• While at the University of Virginia, I served as a Principal Investigator for the NASA SEAC4RS research project in South and Southeast Asia. I helped plan flight routes for research aircraft, and coordinated field measurements and ozonesonde launches from Nepal that resulted in my student’s doctoral degree.
  • As a Research Assistant Professor at the University of Virginia, I initiated and supervised field measurements at several remote locations in Nepal to understand ozone, carbon monoxide and aerosol variations and transport. I also carried out proof-of-concept studies of atmospheric measurements from various mobile platforms in both Virginia and Nepal.
Photos by field assistants (L), Donnie Turlington (R).
  • As a postdoctoral researcher at Princeton University in 2007-2009, I was concerned by the recent discovery of haze layers extending from the Indo-Gangetic Plains deep into the Himalayas. To study possible pathways for air pollutants traveling from the plains to the high mountains I set up and ran high-resolution WRF model simulations of Himalayan meteorology on the super computers of the Geophysical Fluid Dynamics Laboratory.
  • As a doctoral student at the Massachusetts Institute of Technology (MIT) I was interested in cutting edge research that would be directly relevant to policymaking: I designed and ran an atmospheric measurement campaign in the Kathmandu Valley in 2004-2005, setting up up a rooftop station where I collected a year of high frequency measurements of CO, ozone, PM10 and weather variables. I also set up portable instruments and collected air samples in a variety of places around the Kathmandu Valley. Earlier I designed and hosted a shorter field measurement campaign with participants from MIT, ETH and Chalmers University using remote sensing instruments. I also designed and wrote code for a single column atmospheric model to examine the impact upon photochemical ozone formation of varying layers of clouds and aerosols, and later ran numerical models (MM5 and CAMx) to simulate airflow and pollution transport in central Nepal.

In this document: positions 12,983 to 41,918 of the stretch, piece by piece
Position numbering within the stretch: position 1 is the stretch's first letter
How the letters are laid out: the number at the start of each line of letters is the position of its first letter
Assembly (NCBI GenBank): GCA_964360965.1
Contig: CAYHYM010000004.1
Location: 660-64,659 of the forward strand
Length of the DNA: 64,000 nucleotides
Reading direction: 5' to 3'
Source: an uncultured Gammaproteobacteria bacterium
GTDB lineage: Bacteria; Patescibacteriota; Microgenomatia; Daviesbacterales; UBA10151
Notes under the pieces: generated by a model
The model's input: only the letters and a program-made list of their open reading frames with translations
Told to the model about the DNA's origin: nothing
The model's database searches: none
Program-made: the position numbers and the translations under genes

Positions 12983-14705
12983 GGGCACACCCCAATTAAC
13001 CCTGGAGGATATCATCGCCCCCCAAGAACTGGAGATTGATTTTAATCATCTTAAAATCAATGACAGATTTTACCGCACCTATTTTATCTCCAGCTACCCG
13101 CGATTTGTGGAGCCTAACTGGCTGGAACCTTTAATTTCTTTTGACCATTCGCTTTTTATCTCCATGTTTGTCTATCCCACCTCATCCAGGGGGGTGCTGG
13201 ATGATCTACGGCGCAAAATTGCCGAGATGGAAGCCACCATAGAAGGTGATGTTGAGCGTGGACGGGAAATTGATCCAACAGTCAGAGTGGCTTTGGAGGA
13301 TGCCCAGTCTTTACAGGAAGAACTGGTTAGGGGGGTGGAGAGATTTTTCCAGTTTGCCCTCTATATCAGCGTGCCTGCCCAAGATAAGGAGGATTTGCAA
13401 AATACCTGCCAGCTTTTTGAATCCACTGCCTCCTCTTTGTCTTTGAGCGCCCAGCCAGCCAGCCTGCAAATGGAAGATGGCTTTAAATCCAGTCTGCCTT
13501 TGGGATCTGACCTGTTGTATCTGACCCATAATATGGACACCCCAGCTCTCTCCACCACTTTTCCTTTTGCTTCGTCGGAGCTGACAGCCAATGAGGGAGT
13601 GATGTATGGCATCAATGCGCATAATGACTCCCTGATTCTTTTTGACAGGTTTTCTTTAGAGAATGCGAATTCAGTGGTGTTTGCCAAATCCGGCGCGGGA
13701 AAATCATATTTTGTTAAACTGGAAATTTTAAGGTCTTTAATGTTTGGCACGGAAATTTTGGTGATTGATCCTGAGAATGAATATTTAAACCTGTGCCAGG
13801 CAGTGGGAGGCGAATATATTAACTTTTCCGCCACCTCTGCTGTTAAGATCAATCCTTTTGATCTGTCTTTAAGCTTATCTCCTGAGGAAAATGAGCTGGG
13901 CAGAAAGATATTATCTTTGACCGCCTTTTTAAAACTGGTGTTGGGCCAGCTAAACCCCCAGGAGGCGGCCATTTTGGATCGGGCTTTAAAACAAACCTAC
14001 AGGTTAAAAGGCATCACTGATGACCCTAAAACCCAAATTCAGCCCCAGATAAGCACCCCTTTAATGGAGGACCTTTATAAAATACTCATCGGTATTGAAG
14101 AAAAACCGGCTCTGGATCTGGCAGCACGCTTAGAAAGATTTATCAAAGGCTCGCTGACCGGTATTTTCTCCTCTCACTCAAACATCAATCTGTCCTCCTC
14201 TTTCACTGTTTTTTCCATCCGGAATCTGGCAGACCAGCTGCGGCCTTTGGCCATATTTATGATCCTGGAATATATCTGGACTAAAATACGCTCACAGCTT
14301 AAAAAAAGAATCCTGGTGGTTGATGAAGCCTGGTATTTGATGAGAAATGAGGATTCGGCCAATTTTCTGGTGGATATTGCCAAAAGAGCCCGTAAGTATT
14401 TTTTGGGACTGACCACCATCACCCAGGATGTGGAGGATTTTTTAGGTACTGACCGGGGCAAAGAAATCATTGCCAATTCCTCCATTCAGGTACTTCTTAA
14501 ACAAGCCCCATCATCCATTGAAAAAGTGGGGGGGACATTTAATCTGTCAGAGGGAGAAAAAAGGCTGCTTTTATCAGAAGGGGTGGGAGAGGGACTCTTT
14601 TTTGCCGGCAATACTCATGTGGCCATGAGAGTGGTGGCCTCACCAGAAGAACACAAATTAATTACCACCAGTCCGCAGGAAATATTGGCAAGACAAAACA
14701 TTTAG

• As a Master’s student at the University of Wisconsin-Madison, I was worried whether acid rain would impact Himalayan ecosystems: I collected rainwater samples along an east-west transect between Jiri and Pokhara, carried out laboratory analyses for anions and cations and ran the RAINS-ASIA model. Assessing the acid buffering capacity I concluded that the risks of acid rain damage were low in the central Himalayan region.

Relevant Journal Papers

Photos by field assistants.

Relevant Seminars / Lectures / Talks

  • Aryabhatta Research Institute of Observational Sciences, Inaugural Keynote at the International Conference on Aerosol Air Quality, Climate Change and Impact on Water Resources and Livelihoods in the Greater Himalaya [presented remotely], Nainital, India, 14 September 2020. “Aerosols and air quality across the Greater Himalayas: Emerging regional understanding and priorities for the decade ahead” [Available on Youtube: https://www.youtube.com/watch?v=5b7y_G1e7pk&t=5895s]

  • Paul Scherrer Institut, Invited Seminar, Villigen, Switzerland, 13 June 2019, “Air pollution research and mitigation in the Hindukush Himalaya”

    Third International Workshop on Atmospheric Composition and the Asian Monsoon (ACAM), workshop presentation, Guangzhou, China, 7 June, 2017. “New observatories, new data, and new insights on air pollution in the Himalaya”

  • Atmospheric Brown Cloud Science Team Meeting Presentation, Bangkok, Thailand, 25 November 2015. “Atmospheric Measurements in Nepal and Bhutan”